The Church and Climate Change

There are a lot of things happening at Annual Conference this year – a lot of important conversations for our church to be having. From human sexuality, to the war in Afghanistan, to the issue of climate change – there is a lot of important business on the slate this year.

Last night I had the opportunity to co-lead a workshop with David Radcliff of New Community Project on the Query on Climate Change that will be an item of business on the floor this afternoon. It was thrilling to have a standing room only crowd in the room, and a good and robust conversation around the variety of issues surrounding climate change – is it real? what can we do? who has financial vested interests in seeing it affirmed or denied?what is actually going on?

In the midst of all of these, the one that hit home the most for me was the question – is this something the church should even be addressing? Shouldn’t we leave this to the environmentalists and scientists?

This is why, for me, talking about climate change from a faith perspective, from a position of my faith, is as much of a no-brainer as it is. Because at its root, the human struggle with climate change isn’t actually about the science – it is a reflection of our faith. Of how we live as transformed people in this world. It is, at its root, a matter of our souls. Whether or not the science is exactly right, we are living in a way that isn’t sustainable and in relationship with the rest of God’s Creation – what climate change does is put on display for us the impacts of how we have been living. And it is up to us, as the church, to lead a moral and soul searching shift in our manner of living.

And, as was noted last night, the Church of the Brethren has a message to share here. Of simple living and community. Of another way of living – with each other and with the rest of Creation around us. To some extent, we turn to the scientists and environmentalists using their God given gifts to tell us what is going on, and in what ways we can make a difference. But it is a matter of our faith and our souls that we decide to change the way we live – and live as beings created in the image of God, who declared the entirety of this Creation good.

Why Annual Conference Matters

This went out in the last newsletter from Peace Witness – Called to Witness – but I thought I would post it here, too. It feels to me like a good reminder of why Annual Conference is such an important time for us as Brethren. Who are we, when we gather together? What message do we have for each other, and for the world?

You are getting this newsletter a mere 3 days before Annual Conference 2011 kicks off. Its a time of community, fellowship, worship, and action with one another as a whole communion of Brethren. If you can’t make it, there are so many ways to follow along. Keep track of things on Twitter, with the hashtag #CoBAC2011. Track Newsline updates. Or check out the Brethren blog, where I will be posting an update or 2. There will be workshops from this office on climate change, what is happening in DC, and selective conscientious objection– not to mention many, many more from Global Mission Partnerships. Come visit us at a workshop, or at the booth.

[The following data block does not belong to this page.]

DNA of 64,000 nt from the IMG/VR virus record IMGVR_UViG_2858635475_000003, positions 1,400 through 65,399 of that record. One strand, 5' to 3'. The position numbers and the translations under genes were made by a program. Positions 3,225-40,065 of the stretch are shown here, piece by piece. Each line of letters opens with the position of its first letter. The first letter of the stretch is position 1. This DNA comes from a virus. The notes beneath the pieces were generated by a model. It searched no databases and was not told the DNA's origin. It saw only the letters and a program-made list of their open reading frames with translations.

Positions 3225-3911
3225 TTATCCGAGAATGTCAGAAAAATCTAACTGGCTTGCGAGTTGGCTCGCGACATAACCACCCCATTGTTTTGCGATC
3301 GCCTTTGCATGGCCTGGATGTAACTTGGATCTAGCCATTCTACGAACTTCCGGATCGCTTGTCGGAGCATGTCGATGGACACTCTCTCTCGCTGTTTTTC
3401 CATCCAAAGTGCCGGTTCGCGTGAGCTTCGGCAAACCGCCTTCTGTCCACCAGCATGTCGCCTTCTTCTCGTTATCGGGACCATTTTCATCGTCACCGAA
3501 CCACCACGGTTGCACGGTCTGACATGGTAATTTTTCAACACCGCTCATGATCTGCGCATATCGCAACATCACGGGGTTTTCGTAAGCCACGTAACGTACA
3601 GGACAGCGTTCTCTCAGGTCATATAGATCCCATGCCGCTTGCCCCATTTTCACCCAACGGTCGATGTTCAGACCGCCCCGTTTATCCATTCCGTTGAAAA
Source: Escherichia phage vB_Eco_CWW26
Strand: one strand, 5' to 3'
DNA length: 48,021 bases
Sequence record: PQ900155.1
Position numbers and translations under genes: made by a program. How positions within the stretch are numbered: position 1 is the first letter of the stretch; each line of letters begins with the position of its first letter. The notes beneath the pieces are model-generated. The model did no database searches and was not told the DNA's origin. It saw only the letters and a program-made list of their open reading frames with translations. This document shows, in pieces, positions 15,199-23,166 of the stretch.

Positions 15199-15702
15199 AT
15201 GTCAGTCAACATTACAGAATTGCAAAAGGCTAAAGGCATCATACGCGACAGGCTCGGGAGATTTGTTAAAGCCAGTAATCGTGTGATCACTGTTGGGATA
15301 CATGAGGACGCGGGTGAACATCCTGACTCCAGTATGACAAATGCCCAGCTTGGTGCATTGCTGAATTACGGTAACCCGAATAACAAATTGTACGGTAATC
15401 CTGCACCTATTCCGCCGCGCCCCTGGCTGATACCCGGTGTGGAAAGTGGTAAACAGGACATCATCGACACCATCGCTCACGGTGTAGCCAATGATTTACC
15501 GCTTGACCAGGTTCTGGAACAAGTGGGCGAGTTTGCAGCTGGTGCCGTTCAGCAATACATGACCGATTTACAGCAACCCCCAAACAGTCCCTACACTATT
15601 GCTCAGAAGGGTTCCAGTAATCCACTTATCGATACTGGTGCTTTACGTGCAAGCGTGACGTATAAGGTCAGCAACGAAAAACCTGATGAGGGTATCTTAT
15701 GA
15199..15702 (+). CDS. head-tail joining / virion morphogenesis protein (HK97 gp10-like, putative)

But what, might you ask, does Annual Conference really have to do with the content of this newsletter, and the advocacy work we do to witness for peace in Washington and around the world? Only everything!

Hopefully you have noticed by now that every action alert you get from this email list has at the bottom Church of the Brethren policy that applies to that particular call to action. Friends, the actions we take together – whether they be directed at Congress, the White House, local and state governments, or society has a whole – are based on what we say together at Annual Conference. This is where priorities are set for what we can work together on as Christians in the Brethren tradition.

So, what does this really mean? It means if you want to see an action alert about something that you haven’t seen yet, you have the power to make that happen! Just work on a resolution to send to Annual Conference. Of course, it is a bit more complicated than that (you need the support of your church,
district, ect.), but it is also just that simple. The issues you hear about from Peace Witness Ministries are the ones we have said together that we want to hear about and work on. It is part of our Christian witness and mission with one another as Brethren.

So, what is going to happen next week? It is hard to say. New business includes a query on global climate change from the Pacific Southwest District, from
which could grow calls to action personally, congregationally, as well as opportunities to speak to those in government. From the Ministry and Mission Board could come a resolution on the war in Afghanistan – from which there will certainly be opportunities for action. But the point really is, from these weeks we spend together each year comes the foundation of all the work that we do for the rest of the year. Annual Conference matters. And I hope to see you, or at least hear from you, while I am in Grand Rapids!